The Bill is Born

Sponsored by Senator Jim Exon (D-Nebraska), the amendment originated as an independent bill titled Communications Decency Act of 1995, and was intended, according to its sponsor, both to prohibit "the (computer) equivalent of obscene telephone calls" and to prohibit the distribution to children of materials with sexual content. (2)

The CDA changed the language of Title 47, United States Code, Section 223. This section prohibited "obscene or harassing" phone calls and it imposed regulation (administered by the FCC) on telephone services that provide indecent content and prohibits these services from providing legally obscene content. (2)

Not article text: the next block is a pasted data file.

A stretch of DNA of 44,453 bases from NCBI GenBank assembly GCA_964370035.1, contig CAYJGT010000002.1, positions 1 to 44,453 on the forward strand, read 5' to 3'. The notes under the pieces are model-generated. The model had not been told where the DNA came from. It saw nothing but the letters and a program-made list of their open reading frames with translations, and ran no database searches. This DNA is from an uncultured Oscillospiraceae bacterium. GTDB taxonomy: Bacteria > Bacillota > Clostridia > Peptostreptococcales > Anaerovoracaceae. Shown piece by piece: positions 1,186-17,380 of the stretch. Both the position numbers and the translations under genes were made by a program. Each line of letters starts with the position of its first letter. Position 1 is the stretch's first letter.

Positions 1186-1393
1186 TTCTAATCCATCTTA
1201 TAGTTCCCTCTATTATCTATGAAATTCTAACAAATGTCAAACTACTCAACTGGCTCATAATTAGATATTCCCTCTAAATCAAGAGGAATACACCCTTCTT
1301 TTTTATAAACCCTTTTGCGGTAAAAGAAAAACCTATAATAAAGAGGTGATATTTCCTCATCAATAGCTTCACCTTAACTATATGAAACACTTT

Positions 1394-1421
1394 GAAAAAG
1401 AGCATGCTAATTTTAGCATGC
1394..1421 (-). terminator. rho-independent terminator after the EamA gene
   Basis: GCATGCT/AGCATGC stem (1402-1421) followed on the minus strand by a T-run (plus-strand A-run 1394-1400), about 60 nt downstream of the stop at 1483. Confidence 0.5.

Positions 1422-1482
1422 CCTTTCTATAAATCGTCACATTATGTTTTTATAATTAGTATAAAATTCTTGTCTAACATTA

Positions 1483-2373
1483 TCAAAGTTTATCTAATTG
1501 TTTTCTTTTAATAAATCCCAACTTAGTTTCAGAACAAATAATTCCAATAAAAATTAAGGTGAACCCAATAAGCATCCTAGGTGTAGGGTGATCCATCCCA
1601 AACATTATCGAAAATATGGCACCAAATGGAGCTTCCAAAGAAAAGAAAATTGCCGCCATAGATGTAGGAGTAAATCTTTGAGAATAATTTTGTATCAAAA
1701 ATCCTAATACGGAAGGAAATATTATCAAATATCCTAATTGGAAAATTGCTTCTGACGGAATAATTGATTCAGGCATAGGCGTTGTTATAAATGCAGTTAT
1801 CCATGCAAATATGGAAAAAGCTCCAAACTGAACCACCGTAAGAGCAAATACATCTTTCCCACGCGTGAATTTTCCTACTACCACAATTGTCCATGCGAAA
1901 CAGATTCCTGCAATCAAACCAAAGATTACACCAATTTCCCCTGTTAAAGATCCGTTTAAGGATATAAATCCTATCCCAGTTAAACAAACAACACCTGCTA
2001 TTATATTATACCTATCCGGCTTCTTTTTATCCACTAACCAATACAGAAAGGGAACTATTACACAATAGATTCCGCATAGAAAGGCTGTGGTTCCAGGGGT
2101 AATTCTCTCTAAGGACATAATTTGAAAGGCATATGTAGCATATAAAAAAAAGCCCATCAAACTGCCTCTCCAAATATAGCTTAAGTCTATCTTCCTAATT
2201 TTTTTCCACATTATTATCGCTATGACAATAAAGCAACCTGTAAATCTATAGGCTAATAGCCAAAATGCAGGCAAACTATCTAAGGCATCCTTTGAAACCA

The newly rewritten code expanded the scope of the above statute from telephones to telecommunications devices and made it a criminal offense to communicate legally obscene or indecent material through said telecommunications devices. The bill also seeks to punish offenders who "knowingly make or makes available" any content or material that is legally obscene or those who "knowingly make or makes available any material which is legally indecent to any person under the age of 18." The penalties for these crimes can include a $250,000 fine and/or two years in a federal prison. (14)